Precious Metal Transport and Deposition at the New Savage Mine, Comstock Lode District, Nevada


Microthermometry of primary fluid inclusions within preciousmetal
stage quartz at the New Savage mine, located in the central
portion of the Comstock Lode district in western Nevada, documents
homogenization temperatures between 260¡ and 270¡C and
salinities of approximately 1 wt% NaCl equivalent. The alteration
minerals pyrite, adularia, and 2M muscovite occur within the mineralized
zones, suggesting that these minerals were in equilibrium
with the precious-metal stage quartz. The low salinities coupled with
the presence of pyrite, adularia, and 2M muscovite further suggest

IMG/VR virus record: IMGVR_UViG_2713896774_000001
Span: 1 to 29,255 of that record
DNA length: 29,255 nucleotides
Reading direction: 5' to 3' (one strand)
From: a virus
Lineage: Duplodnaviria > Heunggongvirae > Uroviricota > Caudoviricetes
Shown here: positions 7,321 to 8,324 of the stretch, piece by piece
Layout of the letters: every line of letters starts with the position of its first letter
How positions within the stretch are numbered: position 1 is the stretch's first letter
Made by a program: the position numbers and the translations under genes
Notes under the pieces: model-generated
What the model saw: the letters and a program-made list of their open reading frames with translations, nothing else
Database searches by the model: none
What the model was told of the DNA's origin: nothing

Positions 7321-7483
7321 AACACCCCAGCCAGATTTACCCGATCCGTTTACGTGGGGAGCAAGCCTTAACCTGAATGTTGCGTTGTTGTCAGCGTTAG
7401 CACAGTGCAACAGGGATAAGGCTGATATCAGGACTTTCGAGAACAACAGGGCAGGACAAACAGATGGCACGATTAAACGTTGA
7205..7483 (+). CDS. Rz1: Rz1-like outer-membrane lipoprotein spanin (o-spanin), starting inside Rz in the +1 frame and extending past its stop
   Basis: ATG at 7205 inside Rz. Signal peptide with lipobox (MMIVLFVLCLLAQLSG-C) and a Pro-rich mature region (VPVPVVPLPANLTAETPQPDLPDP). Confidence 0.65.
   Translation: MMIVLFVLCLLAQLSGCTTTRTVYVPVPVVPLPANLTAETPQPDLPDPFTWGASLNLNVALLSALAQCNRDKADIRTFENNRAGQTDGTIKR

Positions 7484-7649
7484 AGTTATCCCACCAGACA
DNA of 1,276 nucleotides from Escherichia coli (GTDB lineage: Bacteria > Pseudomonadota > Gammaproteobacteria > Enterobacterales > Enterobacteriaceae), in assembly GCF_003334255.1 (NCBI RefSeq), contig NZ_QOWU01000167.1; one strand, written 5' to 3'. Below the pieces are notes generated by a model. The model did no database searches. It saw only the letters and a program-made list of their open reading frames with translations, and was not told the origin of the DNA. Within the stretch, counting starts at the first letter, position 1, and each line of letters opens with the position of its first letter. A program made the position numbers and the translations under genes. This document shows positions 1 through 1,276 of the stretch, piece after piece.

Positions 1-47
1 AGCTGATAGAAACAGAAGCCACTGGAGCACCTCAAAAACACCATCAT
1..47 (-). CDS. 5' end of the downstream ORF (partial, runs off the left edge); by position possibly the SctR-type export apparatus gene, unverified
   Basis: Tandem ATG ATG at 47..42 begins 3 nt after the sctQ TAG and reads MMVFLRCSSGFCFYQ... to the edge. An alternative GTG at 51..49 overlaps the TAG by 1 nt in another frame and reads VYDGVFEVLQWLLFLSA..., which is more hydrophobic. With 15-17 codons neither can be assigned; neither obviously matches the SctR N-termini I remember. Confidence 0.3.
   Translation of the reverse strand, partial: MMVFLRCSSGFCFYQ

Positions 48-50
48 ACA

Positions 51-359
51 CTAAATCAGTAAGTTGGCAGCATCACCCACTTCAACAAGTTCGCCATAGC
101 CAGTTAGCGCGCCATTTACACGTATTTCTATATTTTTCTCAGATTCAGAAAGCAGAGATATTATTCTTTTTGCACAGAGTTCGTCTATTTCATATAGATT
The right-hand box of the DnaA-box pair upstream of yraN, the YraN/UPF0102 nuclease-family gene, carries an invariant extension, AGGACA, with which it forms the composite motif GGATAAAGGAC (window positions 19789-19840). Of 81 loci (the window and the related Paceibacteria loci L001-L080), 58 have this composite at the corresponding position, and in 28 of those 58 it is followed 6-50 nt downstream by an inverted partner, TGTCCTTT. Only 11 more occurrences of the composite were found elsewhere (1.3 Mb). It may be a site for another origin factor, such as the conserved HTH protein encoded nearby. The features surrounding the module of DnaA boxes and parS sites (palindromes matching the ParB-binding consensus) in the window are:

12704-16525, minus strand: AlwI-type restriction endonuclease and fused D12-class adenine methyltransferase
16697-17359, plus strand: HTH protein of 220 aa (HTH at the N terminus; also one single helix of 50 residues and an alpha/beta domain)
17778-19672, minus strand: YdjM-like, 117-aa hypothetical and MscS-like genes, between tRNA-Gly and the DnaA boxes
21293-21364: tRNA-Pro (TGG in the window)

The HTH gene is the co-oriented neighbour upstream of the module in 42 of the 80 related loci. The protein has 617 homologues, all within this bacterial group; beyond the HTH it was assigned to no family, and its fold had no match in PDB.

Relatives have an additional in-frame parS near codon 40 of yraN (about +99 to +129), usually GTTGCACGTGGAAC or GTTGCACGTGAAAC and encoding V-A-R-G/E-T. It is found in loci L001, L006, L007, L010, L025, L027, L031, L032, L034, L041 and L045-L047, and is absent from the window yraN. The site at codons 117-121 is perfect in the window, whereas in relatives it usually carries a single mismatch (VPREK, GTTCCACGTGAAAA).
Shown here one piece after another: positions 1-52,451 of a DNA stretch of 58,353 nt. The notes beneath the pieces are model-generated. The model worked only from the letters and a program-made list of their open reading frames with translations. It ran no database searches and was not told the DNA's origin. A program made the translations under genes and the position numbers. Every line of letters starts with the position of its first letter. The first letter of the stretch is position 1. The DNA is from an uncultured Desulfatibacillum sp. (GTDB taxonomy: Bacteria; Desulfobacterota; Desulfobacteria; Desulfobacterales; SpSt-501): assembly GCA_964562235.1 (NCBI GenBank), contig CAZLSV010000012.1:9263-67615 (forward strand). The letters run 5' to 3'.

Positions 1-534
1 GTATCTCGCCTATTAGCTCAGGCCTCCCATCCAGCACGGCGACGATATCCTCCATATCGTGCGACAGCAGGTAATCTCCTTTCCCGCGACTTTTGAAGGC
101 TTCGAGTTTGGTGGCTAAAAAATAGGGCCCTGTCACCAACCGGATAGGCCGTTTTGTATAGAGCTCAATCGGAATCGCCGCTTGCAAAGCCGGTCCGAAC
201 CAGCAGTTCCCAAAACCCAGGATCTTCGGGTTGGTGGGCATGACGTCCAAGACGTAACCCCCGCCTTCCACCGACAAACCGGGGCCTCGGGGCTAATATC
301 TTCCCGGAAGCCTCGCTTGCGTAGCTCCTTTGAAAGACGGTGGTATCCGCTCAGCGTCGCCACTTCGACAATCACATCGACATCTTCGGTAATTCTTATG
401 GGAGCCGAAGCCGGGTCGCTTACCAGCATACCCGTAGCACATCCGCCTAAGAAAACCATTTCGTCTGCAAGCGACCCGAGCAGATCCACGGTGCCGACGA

that the precious metals were transported as bisulfide complexes
under reduced conditions in near neutral to slightly alkaline solutions.
Under these conditions, gold and silver can be precipitated as
a result of an increase in the activity of oxygen and/or a decrease in
the activity of sulfur species. These changes in solution chemistry
can be achieved by boiling or by mixing of hydrothermal solutions
with cooler, more oxygenated groundwater. No evidence was found
in this study to indicate boiling during the formation of precious-metal
stage quartz. Consequently, mineralization is believed to have
resulted from the mixing of precious metal-rich hydrothermal solutions
with oxygenated groundwater. If, as suggested by other studies,
precious metals in the Comstock Lode system were contributed
by a magmatic fluid, both low salinities and the lack of boiling documented in this study indicate a very high degree of mixing with
meteoric water.

SKU: 2000-10 Category:

Additional information


Primary Author

Sandra Brake








Deposit Type

Mining District